If you’re looking for something to do on one of your summer vacation days, go down to the Dallas County Courthouse, pick out a courtroom, and watch a trial for a while.
What’s that? It’s on your list of things to do, and you’ll get on it right after you yank out your molars with a pair of rusty pliers and send every penny you own to a randomly selected radio evangelist? Oh.
All right. I spent an appalling amount of time in a courtroom this summer because I had some personal interest in the outcome of a certain case. And I didn’t burn a vacation day doing it. But watching a trial is a true education. In fact, 1 now firmly believe that every citizen, before receiving the right to vote, should be required to put in a week studying a real trial. Civics lessons and theories of democracy are fine, but more and more issues of American life are being settled in courtrooms. What could be better preparation for life in a litigious society?
This may seem to set the stage for another round of lawyer-bashing. On the contrary, I was left with genuine admiration for three of the four attorneys working on this case-not to mention the jurors, who waded through two weeks of often emotional testimony, angry outbursts, and obfuscation only to find their way unerringly to the right conclusion. And I came away with a heightened appreciation of lawyers and the law. It’s verbal, rational, slow, formal-qualities that have too little to do with the way we live now.
First and foremost, lawyers dwell within the dwindling provinces of the word. Language is the lifeblood of the law. In a country glutted on the non-rational imagery of entertainment and advertisements, in which the rock video and the beer commercial have attained the status of art, the law is a splendid, vital anachronism. Above all, the process is structured and rational, seeking out cause and effect, foreknowledge, motive, intent. In fact, the archetypal “reasonable person” is the benchmark of the law. Slides, films, and other visual exhibits may be used; lawyers may pace and froth; but the drama of assigning guilt or innocence depends on knitting together a pattern of ideas through the careful use of language. Didn’t you know… couldn’t you have foreseen… wasn’t it your duty to… but if you knew that, didn’t you also know,..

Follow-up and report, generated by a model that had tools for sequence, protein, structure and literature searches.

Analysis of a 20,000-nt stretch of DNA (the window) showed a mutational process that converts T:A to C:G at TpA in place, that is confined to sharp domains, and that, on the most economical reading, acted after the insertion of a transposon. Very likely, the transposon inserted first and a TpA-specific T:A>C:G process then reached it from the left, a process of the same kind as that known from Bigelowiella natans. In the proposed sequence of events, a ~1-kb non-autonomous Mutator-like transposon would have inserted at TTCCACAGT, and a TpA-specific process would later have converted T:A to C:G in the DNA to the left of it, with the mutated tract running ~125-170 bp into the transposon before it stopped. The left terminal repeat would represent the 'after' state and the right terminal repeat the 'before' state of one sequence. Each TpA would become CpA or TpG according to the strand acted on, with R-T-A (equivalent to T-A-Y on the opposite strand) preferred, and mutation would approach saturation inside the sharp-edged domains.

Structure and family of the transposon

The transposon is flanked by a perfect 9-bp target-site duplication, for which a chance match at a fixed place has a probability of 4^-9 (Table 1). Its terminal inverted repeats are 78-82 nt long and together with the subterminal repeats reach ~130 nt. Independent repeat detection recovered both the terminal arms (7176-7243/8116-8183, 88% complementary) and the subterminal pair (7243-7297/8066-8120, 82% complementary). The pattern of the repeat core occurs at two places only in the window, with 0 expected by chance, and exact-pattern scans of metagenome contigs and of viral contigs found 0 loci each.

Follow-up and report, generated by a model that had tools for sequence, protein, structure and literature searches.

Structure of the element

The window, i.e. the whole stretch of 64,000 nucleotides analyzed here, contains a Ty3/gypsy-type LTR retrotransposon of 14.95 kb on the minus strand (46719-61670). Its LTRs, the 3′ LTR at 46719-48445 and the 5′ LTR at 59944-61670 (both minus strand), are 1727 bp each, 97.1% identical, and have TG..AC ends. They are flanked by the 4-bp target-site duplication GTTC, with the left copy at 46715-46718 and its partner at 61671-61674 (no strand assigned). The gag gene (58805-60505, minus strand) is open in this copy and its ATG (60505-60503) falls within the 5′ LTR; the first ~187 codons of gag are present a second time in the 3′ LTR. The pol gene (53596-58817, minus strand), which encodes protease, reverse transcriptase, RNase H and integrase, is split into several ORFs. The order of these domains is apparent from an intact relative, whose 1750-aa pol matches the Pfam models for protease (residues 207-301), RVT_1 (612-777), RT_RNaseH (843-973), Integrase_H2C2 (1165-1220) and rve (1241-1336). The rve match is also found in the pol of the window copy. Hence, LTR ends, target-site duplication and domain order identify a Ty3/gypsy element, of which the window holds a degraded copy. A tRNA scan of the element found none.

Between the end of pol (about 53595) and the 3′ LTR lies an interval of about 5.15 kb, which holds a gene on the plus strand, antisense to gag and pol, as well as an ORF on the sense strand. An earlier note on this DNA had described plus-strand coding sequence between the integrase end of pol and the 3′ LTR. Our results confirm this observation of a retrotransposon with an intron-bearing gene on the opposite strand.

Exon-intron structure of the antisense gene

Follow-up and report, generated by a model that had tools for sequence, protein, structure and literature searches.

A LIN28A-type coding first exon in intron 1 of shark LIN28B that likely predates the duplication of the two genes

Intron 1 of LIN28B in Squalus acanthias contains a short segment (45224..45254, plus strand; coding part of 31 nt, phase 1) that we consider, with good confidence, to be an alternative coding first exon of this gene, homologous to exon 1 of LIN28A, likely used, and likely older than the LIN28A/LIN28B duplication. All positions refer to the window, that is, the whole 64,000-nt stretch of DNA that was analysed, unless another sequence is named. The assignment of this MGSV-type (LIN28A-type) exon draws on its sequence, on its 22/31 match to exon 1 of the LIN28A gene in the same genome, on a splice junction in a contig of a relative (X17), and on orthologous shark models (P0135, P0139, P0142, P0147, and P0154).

And there are no absurdists in courtrooms. For the trial attorney, nothing is random, accidental. Like a playwright in reverse, he constructs an interwoven plot that some of the players may deny took place. It is a process at once fascinating and frightening.
Granted, the law has its glib demagogues who desecrate the word, but so do politics and journal ism. two other crafts that live by language. Still, lawyers in the simplest felony trial do more rigorous thinking-and demand more solid proof of claims and accusations-than we’ve seen in any recent presidential election campaign.
Second, the pace of the law sets it apart from our hurried, fragmented lives. Time has a very different meaning inside the courthouse walls, and there is no such thing as a guaranteed time limit for a trial. Complaints about the law’s delays are as old as the law itself. But would you like to be told that justice in your case must be obtained before lunchtime on Tuesday? Like a game of baseball, a trial takes as long as it takes, partly because for all the law’s rigid structure, it is more art than science. It allows for the individual touch, for style, for creativity. One lawyer works quickly, Firing a staccato burst of questions; another leans back, scratches his head, studies the ceiling, discards one line of questioning and takes up another. Thus each trial is different, and each case grows organically like a fish or a plant-or, some would insist, like a tumor.
Third, the ritual formalities of the law underscore the serious work at hand. The general aim of society is toward blurring all distinctions between one person and another in a lemming-like rush from “elitism, ” today’s great devil-word, as if no elite ever did any good. Lawyers at work must treat the jury, rival lawyers, and above all the judge with prescribed courtesy. The judge may be well known as a vacillating wimp or an intellectual blank, but once within the robes she is still “Your Honor, ” and nothing can happen unless it pleases the court.
Now this is not to say that all lawyers are angels, or that the justice system doesn’t need reforms. But when the excesses and abuses have been pruned away, we’d better retain much of the system as it is. All rise when judge and jury enter or leave: quaint behavior, but fitting. Our hopes for justice reside in these citizens. When people give up on this slow, vexing process, the alternative is violence.
Of course you can have too much of a good thing. On the night the trial ended, I fell into a Kafkaesque nightmare in which the whole world was now run like a vast courtroom, with lawyers firmly in the saddle. I awoke to find this transcript beside the bed:
Wife: Henry, did you get the milk?
Attorney for Husband: Objection. Question presumes some prior arrangement by which Mr. Jones entered into some binding agreement to procure the alleged milk. There’s been no such evidence introduced.
Wife: So you forgot again?
Attorney: Objection. The question misstates the evidence. There’s been no psychiatric testimony as to prior lapses of memory. Besides, the witness’s memory is not on trial here.
Wife: Henry, you know that damned coffee tastes like mud without milk…
Attorney: Objection. The witness is an accountant, Your Honor. He has no academic training, travel experience, or gastronomic expertise that would qualify him as an authority in the individual nuances of coffees, whether served with or without milk.
Wife: You’d forget your own funeral!
Attorney: Objection. Calls for speculation on events that have not transpired. The witness cannot foretell the future…
Attorney: Your honor, she’s badgering the witness. Move that the remarks be stricken.